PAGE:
During our recent Data Science Salon Virtual conference for the media, advertising and entertainment industries, we had Anne Bauer with us from The New York Times. She gave one of our most viewed talks about how The New York Times experiments with personalized recommendations. We received great questions during her live Q&A. To view Anne’s full talk and all past Data Science Salon thought leaders subscribe to our DSSInsider program.
Q: How is your team organized around recommendations?
Anne: Our recommendations team is made up of engineering, data science and data analytics. We all work together very closely and there are blurry regions of work that can be done by different roles on the team. Typically, engineers are focused on building out new capabilities in our infrastructure, where they need to make architectural design decisions. Data scientists are focused on developing algorithms. They then apply them or combinations of them, as part of experiments in various parts of the site, apps or email. Data analysts understand how our experiments are going and work with data scientists on what that means for next steps in algo development. They also make sure that the necessary data for experimentation is available and good quality. Everybody collaborates with people on other teams, such as the “For You” tab or the cooking team.
Q: How do you handle the cold-start issue in your collaborative filtering implementation?
Anne: We haven't solved the cold start problem. For that reason, if we are recommending content in a place where there's a lot of article turnover and a big cold start problem, we might use a different algorithm (like content similarity).
We have also used collaborative topic modeling as a way to take advantage of collaborative filtering info while being less sensitive to the cold start problem.
Q: Does the NYT use machine learning for tracking and predicting user churn/turnover or retention with various incentives?
Anne: The data science and data analytics teams at The New York Times do work on problems like churn. I'm not up to date on those projects, though! We collaborate across the company on questions like acquisition and retention, advertising, etc.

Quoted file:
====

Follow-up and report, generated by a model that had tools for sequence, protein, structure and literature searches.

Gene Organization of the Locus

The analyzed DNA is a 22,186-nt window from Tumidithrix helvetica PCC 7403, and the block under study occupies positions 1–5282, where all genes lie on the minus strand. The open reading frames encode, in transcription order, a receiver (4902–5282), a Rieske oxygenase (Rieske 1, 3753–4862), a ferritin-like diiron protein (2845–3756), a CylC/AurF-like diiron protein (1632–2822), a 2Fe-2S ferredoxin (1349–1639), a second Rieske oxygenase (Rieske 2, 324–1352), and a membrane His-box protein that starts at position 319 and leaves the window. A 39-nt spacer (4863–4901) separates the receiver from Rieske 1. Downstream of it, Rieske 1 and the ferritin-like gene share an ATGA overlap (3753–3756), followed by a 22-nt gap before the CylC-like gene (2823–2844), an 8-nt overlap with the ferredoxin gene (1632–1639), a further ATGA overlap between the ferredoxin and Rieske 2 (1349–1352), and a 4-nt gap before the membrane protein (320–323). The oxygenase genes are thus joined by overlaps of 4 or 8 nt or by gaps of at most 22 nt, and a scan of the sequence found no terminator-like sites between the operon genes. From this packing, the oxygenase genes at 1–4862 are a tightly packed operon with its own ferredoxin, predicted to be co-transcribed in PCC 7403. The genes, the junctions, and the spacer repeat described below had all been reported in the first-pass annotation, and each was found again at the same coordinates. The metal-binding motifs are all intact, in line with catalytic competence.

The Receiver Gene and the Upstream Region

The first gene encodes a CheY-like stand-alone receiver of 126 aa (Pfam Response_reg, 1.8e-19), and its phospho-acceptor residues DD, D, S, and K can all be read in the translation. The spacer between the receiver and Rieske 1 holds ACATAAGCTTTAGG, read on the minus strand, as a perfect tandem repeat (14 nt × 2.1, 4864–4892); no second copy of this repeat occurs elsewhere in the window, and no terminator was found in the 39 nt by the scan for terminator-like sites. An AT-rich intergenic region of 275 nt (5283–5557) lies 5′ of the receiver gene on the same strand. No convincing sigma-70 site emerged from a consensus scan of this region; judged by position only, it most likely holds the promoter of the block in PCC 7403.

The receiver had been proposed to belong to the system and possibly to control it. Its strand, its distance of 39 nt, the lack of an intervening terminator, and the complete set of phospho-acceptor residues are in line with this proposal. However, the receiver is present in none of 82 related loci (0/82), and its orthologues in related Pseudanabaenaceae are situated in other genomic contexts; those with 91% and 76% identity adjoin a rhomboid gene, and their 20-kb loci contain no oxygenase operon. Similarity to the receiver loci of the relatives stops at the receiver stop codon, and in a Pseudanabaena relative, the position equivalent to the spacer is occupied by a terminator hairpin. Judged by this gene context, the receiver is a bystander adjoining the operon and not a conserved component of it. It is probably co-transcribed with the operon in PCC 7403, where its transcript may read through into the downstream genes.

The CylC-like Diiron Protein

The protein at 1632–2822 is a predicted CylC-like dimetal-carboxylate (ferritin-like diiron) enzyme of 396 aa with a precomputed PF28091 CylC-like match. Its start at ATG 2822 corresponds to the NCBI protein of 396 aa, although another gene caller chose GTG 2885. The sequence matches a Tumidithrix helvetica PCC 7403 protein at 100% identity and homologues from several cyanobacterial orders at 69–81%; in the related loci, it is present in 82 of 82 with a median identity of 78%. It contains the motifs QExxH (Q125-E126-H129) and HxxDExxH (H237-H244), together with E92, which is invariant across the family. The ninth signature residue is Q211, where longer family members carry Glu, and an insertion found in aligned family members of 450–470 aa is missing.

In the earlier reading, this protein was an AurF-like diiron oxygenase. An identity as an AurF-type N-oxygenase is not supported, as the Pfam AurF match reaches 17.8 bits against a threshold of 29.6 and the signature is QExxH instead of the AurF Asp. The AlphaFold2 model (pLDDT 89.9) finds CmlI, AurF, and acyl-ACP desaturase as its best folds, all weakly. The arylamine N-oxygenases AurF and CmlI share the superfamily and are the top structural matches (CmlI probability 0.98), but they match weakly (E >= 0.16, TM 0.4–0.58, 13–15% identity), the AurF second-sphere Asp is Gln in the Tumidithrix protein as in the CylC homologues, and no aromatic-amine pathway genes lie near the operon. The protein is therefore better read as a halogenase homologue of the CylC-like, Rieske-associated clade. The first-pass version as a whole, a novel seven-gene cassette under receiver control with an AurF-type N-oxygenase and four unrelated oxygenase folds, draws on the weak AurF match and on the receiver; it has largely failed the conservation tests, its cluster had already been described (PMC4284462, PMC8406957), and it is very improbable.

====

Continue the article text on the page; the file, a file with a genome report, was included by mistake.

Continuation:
Q: How do you approach testing to maximize speed and minimize error? For example, standard p values, sequential testing or bayesian approaches?
Anne: Our main approach is to run experiments in production and directly measure the change in engagement metrics (for example click-through rate).
We have a variety of engagement metrics that we look at. We also do offline testing to make sure we don't launch a test of a bad quality algorithm, but we rely on the live testing to really evaluate our techniques.
Q: Why are contextual bandits your favorite algorithm for personalization? Do you run into the pitfall of just optimizing for clicks and then losing the content context of the recommendations?
Anne: Contextual bandits can include context on the content, but ultimately you're right, it will focus on improving click through rate, whether or not it ends up being a personalized recommendation. We do make sure that we're using appropriate approaches in each location where we're serving content. So, if a part of the product is telling the user that the content there is really personalized to them, then we would rely on an algorithm there that is essentially unpersonalized.
This is an important part of our collaboration with the product groups and the newsroom. We need to make sure that our recommendations are really staying true to the intent of the different parts of the NYT’s site and apps. We make sure to choose approaches and recommendations from different lists of candidate articles that are really crafted towards the place where the recs will show up.